The session will focus on reviewing the opportunities and issues that companies face in the mobile environment today, including BYOD which brings employee privacy concer ns, endpoint and data management. Security is a key consideration and one solution doesn’t necessarily meet all needs, so what are some alternatives and how do you chose.

2:30 - 3:05
McKnight Auditorium
Mind the Gap: Evolving Cyber Information Sharing

Private companies operate our nation’s most critical infrastructure, including our electrical grid, water utilities, hospitals, and financial institutions. Well-funded nation-state and organized crime cyber-organizations are aggressively attacking US critical infrastructure every minute of every day. Ensuring that these private companies are able to protect themselves from these sophisticated attacks is deemed a matter of national security by the US government. As such, the US government is interested in arming these private entities with sensitive and classified government vetted cyber threat intelligence to assist in thwarting these attacks. This session will focus on how the US government uses creative information sharing programs to protect private critical infrastructure companies and Federal civilian agencies from infiltration and attack. The session will highlight two Department of Homeland Security Programs – Enhanced Cybersecurity Services (ECS) and Einstein 3 Accelerated (E3A) – as key tools used to combat against the evolving cyber threat.

2:30 - 3:05
Cone 210
PANEL SESSION
Defense Against Advanced & Malware-Free Intrusions

Traditional defense in-depth has been increasingly unable to deal with advanced malware and tactics. New tools and methods are needed to combat the ever-growing sophistication of the adversary. We will highlight some of the latest malicious techniques including leveraging memory-based and malware-less methods of penetration, persistence, and command and control. We will also demonstrate how these tactics can be countered with real-time continuous monitoring and visibility of endpoint activity.

2:30 - 3:05
Cone 112
I WANT MY BILLION$ BACK: IRS Refund Fraud A-to-Z

Tax refund fraud costs taxpayers billions of dollars every year. This presentation will step you through the steps criminals take to conduct refund fraud, from the initial harvesting of personal information, through the filing and tracking of fraudulent returns, to the ultimate cash-out.

3:10 - 3:45
McKnight Auditorium
The Cloud for Security Incident Responders

Security Incident Response is a critical piece of the CERT Prevent/Detect/Respond cycle. Modern incident response teams are well-versed in investigating and responding to on-premise incidents; however, once services and data move to cloud-based services, these teams may run into deep challenges. Using Microsoft Azure and Microsoft Office 365 as examples, this session will work through the challenges that incident responders need to address in various cloud computing models

3:10 - 3:45
Cone 210
PANEL SESSION
Security Big Data Challenge – It is not securing data anymore

The concepts of data warehousing and business intelligence have been prevalent in the IT industry for over a decade and recently were pulled into the overall concept of “Big Data.” When that concept was initially discussed at RSA in 2013, the security concerns were focused on how does a security organization prevent these large data stores from becoming the treasure room for attackers. As the year progressed, it is becoming apparent that security may also be a consumer of “Big Data” concepts. In this panel, we will discuss some of the principles of business intelligence and how that applies to security analytics. How can security organizations benefit from the tested business analytics practices to improve how we manage our security controls? Given the amount of security data, how do we assure that we also not creating a second treasure for attackers to exploit?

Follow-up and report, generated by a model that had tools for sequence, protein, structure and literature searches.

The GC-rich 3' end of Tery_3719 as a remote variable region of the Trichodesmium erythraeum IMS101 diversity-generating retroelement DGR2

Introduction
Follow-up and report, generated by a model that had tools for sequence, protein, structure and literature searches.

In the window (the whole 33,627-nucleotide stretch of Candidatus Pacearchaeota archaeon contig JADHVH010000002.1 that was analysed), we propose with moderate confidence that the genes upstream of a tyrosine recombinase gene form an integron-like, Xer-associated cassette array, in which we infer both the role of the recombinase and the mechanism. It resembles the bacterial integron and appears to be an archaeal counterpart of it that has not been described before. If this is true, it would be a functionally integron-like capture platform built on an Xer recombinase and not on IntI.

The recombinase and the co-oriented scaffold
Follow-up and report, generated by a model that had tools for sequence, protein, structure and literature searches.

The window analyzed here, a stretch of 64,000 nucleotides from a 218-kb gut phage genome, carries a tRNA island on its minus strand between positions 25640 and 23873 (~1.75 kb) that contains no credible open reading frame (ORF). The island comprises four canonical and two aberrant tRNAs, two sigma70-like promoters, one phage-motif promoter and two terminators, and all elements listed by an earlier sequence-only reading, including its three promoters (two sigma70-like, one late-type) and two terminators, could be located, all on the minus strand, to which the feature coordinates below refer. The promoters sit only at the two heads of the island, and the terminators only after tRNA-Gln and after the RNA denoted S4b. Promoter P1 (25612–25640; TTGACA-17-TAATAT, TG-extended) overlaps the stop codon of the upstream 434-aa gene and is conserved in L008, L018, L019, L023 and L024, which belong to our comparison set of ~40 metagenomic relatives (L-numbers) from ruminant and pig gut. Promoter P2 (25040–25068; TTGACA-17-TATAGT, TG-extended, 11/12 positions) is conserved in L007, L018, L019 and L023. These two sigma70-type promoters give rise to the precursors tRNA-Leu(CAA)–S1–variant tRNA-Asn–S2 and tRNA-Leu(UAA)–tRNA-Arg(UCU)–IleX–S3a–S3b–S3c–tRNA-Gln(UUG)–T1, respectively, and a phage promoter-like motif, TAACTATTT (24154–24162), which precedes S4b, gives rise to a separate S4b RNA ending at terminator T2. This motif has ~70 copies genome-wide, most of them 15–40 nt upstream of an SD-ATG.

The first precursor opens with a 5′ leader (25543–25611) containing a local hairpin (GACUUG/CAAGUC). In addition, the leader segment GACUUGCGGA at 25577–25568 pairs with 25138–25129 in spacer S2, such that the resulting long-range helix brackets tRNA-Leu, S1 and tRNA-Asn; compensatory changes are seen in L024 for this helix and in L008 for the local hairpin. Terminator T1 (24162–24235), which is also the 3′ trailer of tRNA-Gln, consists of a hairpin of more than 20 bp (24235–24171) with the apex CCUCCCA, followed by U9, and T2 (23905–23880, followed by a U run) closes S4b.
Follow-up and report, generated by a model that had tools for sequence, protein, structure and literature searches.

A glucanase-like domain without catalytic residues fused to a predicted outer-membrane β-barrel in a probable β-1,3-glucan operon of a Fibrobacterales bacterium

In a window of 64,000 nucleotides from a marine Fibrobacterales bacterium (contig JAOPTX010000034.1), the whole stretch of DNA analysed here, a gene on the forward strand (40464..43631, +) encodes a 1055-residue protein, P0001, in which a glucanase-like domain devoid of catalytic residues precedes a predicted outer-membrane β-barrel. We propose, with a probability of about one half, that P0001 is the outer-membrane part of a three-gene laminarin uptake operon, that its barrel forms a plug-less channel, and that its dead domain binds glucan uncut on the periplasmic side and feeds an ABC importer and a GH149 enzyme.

3:10 - 3:45
Cone 112
Identity Authentication for the Mobile Enterprise

With applications moving to the cloud and mobile devices becoming more prevalent amongst employees, enterprises need to know how to enable easy access for employees while keeping corporate data secure. Learn about the latest trends and technologies that will empower your organization to deliver an effective identity management strategy for mobile and protect your corporate data from being compromised, wherever it may be accessed from.

4:00 - 4:35
McKnight Auditorium
Securing the Internet of Things

The Internet of Things is here. Some things, like tablets and smartphones, are designed for connectivity, but add new sensors every day. Some things, like cars and refrigerators have connectivity forced upon them. This presentation discusses the security and data issues involved when the entire world is wired and every corner holds a dozen sensors.

4:00 - 4:35
Cone 210
Supply Chain Cyber Risk for the Enterprise

This presentation will review current requirements and thinking with regard to several aspects of supply chain risk and supply chain cyber risk management. The discussion will include: - review of the "players" in supply chain cyber security activities - adversary supply chain operations process - requirements from government agencies and others - considerations for your companies - what you should ask your vendors about supply chain cyber risk. We'll leave time for Q&A, and enable you to advance the discussion.

4:00 - 4:35
Cone 112
Think Like a Hacker! Common Techniques Used to Exploit Mobile Apps and How to Mitigate these Risks

The first step in learning how to protect and defend your applications from hackers is to think like one. During this session, you’ll learn just how easy it is for hackers to leverage widely available third party tools to completely disable and compromise mobile apps. This can lead to unauthorized access to source code, tampering of apps to enable advanced malware attacks, stealing of sensitive data or intellectual property, and conducting fraud. Attendees will:

  • Learn about the evolutions in the mobile threat landscape
  • View a live demonstration of various reverse-engineering and tampering attacks and how hackers use third party tools to compromise app integrity (e.g. Clutch, IDA, Hex-Rays, otool, classdump, Theos, gds/nm/strings debuggers.)
  • Learn how to mitigate app binary risk and implement new approaches to mobile app security
4:35 - 5:00
McKnight Auditorium
PANEL SESSION
Conspectus Insights Panel

A plenary panel of cyber security professionals, who are managing cyber risks in different business sectors. Panelists will provide their perspectives on important insights heard during the symposium and engage in a town hall discussion, as they offer their prognostication of emerging threats and risks to pay attention to during the coming year.